There are some kitchen activities that lend themselves to metaphor. Even if you are not a cook, you will likely know what I mean if I tell you about someone getting roasted at work. Or how I steep in the silence of the early morning before anyone else is up. Or how I have an idea percolating on the back burner.
But then there are other activities that only come to mean more through seemingly endless repetition. Whether specific recipes, chores, or rituals, these processes tend to become very personal symbols that are hard to communicate to anyone else. It goes beyond dog eared cookbooks and even beyond consciously recalling a recipe from memory. The process becomes some kind of psychic extension of yourself. You do them not just to have food in the fridge but because the making feeds your soul.
Making lemon curd is like that for me.
Every winter I not so patiently wait for the email notice from Local Harvest that meyer lemons and blood oranges are in season. I quickly order several boxes, always afraid that my favorites from Beck Grove will be sold out before I get any. It’s how I imagine the people camping in line for the newest tidbit of technology feel. About a week later, I hear the boxes thud by the door. For the next several weeks my time is spent processing 20 pounds of meyer lemons and another 25 pounds of blood oranges. Dried orange and lemon rings, citrus vinegar, “bloody” marmalade, limoncello… each year I seem to run out of fruit before I’ve finished preserving.
I love everything about preserving these fruits. From lining them up on my window sill against the steely winter sky to the blood red stains on my counter.This year I had the privilege of sharing that joy with one of my favorite people. Theodore helped me haul the heavy boxes up the steps and into the kitchen. He helped open the boxes and wasn’t the only one that squealed when the glowing yellows were revealed. It was with a small sense of loss that I let him carry one around the house, knowing that it wouldn’t be salvageable for any recipe after he was done with it. But the loss was recuperated as I got to watch his curiosity lead him to knead, squish, poke, roll, and taste that lemon. Now whenever he sees the lemons sitting on the counter, he insists whoever is at home come smell them, even the cats. I hope to be the kind of parent that will protect and foster that pleasure into his adulthood. Someone who sees such a gift in just the scent of a lemon would truly be a gift to the world.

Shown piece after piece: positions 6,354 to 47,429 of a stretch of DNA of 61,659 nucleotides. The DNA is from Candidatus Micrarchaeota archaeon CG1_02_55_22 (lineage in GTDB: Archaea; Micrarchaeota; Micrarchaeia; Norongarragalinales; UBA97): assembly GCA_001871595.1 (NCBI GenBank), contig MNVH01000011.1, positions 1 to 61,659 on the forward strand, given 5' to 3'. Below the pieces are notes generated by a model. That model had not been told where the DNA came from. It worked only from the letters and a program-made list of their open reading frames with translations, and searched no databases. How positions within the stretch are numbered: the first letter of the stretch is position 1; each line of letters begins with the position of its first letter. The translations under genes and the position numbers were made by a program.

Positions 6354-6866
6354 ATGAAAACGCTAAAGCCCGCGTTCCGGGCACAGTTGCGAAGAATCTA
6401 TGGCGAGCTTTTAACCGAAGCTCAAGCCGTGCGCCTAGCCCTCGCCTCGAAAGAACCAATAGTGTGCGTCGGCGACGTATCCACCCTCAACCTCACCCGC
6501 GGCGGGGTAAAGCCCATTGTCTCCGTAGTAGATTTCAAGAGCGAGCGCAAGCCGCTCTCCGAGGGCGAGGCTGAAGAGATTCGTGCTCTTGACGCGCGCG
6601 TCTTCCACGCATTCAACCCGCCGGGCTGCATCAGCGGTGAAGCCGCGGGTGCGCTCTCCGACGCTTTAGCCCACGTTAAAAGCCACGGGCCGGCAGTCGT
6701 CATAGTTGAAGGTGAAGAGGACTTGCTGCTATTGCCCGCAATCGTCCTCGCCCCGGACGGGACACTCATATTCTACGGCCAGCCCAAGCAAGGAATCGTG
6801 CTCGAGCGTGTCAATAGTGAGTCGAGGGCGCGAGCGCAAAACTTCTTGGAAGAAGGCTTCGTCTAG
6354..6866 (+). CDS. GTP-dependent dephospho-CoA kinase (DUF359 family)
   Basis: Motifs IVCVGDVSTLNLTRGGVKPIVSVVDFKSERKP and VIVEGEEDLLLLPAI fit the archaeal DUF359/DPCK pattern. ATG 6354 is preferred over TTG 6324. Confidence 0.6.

But the part that speaks to my soul is making lemon curd. Somehow, I become the eggs that break. The lemons that are squeezed so hard they bleed. The butter that finds itself melting away with no way to come back. And I feel the whisking. Endless whisking. As I stand over the pot, I feel the flame a little to close to my hand, but I keep whisking. I feel the disturbance in my soul. Beaten to a froth and then beaten some more. Constant constant motion. Never reaching equilibrium. Ceaseless whirling. I begin to wonder when it will end. How long? How long? I don’t know how much more I can take.
There’s a thickness that wasn’t there before. The whisk moves more slowly, disturbing less with every stroke. Things become still in the center of the pot. I can see the tracks of where I’ve been. The heat is removed. I can almost hear the curd take in its first breath. And I breathe more deeply too.
Is it any wonder that the result of this process is a food that I can’t seem to get enough of? Though it may be possible to point to all the good fats in the butter, the selenium in the pastured eggs, or the vitamin C in the lemon juice, I think there is more going on here than mere nutrition. It is soul food of a different dimension.
Meyer Lemon Curd with Cardamom
makes 2 pints
6-8 Meyer lemons
1/3 cup honey
1 stick butter
2 tsp ground cardamom